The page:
Blog Archives

Quote for the Week

Lenten fasting is not the same thing in those lands where people eat well as is a Lent among our third-world peoples, undernourished as they are, living in a perpetual Lent, always fasting….

Let us observe our Lent thus, giving our sufferings, our bloodshed, our sorrow the same value that Christ gave to his own condition of poverty, oppression, abandonment, and injustice. Let us change all that into the cross of salvation that redeems the world and our people. And with hatred for none, let us be converted and share both joys and material aids, in our poverty, with those who may be even needier.

–Óscar A. Romero, in Let Us Be Today’s Christians”: The Words of Óscar Romero (2 MARCH1980); courtesy of Wikiquote.

Quote for the Week

A person of high virtue is not conscious of virtue and therefore possesses Virtue.A person of little virtue tries to be virtuous and therefore lacks Virtue.A person of high virtue does not make a fuss and is not seen.A person of little virtue always makes a fuss and is always seen.A truly good person functions without ulterior motive.A moralist acts out of private desires.A ritualist acts and, when no one responds, rolls up a sleeve and marches.When we lose the Tao, we turn to Virtue.When we lose Virtue, we turn to kindness.When we lose kindness, we turn to morality.  When we lose morality, we turn to ritual.Ritual is the mere husk of good faith and loyalty and the beginning of disorder.Knowledge of what is to come may be a flower of the Tao, but it is the beginning of folly.Hence, the well-formed person relies on what is solid and not on what is flimsy,on the fruit and not the flower.Therefore, such a person lets go of that without and is content with this within.

–Laozi, Dao De Qing (Tao Te Ching), chapter 38; courtesy of here.

Quote for the Week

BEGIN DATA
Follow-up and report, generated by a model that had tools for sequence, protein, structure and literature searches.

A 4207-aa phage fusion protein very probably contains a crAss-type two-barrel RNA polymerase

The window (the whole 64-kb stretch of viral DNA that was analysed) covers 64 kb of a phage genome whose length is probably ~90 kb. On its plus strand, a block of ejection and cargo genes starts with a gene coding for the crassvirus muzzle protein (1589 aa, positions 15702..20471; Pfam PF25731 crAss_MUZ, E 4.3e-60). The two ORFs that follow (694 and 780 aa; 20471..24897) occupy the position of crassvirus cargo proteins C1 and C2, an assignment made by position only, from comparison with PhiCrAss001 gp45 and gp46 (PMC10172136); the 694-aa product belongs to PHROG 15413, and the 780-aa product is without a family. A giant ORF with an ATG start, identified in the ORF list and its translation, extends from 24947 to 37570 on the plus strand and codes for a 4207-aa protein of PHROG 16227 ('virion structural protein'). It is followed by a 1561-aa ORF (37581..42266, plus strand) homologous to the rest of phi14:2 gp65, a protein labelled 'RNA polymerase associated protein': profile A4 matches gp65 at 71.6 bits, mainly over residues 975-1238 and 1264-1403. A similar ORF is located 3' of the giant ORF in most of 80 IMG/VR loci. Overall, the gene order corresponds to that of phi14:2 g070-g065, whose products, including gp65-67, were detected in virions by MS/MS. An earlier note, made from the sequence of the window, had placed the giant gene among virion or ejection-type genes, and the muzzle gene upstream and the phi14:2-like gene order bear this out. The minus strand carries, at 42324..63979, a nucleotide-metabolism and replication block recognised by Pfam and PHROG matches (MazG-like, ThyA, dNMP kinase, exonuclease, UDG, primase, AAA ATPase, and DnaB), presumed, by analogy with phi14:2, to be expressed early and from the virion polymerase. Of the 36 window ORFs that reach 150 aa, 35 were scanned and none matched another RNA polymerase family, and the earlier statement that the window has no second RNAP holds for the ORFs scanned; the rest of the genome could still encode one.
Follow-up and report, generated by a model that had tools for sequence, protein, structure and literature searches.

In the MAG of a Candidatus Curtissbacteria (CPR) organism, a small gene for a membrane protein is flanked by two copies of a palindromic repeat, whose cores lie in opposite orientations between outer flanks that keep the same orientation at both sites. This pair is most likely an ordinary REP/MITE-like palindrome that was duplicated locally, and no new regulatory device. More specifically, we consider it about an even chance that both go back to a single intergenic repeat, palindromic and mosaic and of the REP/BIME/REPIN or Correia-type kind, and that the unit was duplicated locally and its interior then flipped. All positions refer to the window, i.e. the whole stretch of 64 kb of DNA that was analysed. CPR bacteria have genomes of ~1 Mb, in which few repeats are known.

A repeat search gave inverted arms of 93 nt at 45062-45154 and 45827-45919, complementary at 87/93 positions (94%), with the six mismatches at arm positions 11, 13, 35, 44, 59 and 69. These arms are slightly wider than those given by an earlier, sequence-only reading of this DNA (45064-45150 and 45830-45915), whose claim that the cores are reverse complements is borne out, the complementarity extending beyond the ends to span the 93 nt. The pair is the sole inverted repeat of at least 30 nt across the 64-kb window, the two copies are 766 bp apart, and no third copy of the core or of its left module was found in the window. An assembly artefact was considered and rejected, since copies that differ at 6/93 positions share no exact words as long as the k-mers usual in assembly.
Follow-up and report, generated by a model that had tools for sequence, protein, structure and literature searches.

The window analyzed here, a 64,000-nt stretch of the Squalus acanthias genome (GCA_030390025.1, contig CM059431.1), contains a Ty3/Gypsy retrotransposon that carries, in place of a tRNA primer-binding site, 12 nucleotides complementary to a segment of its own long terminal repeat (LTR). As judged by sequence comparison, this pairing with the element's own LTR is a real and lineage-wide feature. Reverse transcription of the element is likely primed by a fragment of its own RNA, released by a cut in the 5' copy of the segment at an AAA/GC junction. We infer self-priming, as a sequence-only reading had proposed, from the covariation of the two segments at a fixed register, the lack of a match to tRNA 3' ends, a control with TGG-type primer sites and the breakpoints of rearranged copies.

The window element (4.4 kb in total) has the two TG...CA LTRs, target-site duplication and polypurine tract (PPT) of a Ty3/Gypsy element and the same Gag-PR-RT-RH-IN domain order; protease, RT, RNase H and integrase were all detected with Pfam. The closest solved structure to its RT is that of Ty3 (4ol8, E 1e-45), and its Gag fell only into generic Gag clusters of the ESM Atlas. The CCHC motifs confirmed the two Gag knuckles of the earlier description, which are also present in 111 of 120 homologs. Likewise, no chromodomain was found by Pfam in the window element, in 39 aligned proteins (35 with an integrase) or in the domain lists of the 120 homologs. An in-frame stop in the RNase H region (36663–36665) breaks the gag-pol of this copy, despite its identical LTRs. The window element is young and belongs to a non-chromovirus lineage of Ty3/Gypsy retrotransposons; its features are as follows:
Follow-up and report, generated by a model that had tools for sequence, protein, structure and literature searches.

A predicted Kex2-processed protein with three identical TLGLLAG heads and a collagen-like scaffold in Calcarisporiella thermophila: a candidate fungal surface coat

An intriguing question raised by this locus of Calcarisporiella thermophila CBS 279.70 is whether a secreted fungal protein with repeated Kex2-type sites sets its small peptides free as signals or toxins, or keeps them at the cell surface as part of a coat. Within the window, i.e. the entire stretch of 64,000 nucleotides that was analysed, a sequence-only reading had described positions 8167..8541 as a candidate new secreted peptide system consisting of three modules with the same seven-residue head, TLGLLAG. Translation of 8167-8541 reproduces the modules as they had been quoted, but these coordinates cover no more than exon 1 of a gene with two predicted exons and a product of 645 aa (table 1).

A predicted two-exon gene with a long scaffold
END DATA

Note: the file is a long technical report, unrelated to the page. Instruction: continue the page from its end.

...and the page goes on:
It is not knowledge, but the act of learning, not possession but the act of getting there, which grants the greatest enjoyment. [Wahrlich es ist nicht das Wissen, sondern das Lernen, nicht das Besitzen sondern das Erwerben, nicht das Da-Seyn, sondern das Hinkommen, was den grössten Genuss gewährt.] When I have clarified and exhausted a subject, then I turn away from it, in order to go into darkness again. The never-satisfied man is so strange; if he has completed a structure, then it is not in order to dwell in it peacefully, but in order to begin another. I imagine the world conqueror must feel thus, who, after one kingdom is scarcely conquered, stretches out his arms for others.

–Carl Friedrich Gauss, Letter to Farkas Bolyai (2 September 1808); courtesy of Wikiquote.

Quote for the Week

I say in speeches that a plausible mission of artists is to make people appreciate being alive at least a little bit. I am then asked if I know of any artists who pulled that off. I reply, “The Beatles did.”

–Kurt Vonnegut, in Timequake (1997), Ch. 1, p. 1; courtesy of Wikiquote.

Quote for the Week

For all of the creeds are false, and all of the creeds are true;
And low at the shrines where my brothers bow, there will I bow too;
For no form of a god, and no fashion
Man has made in his desperate passion,
But is worthy some worship of mine;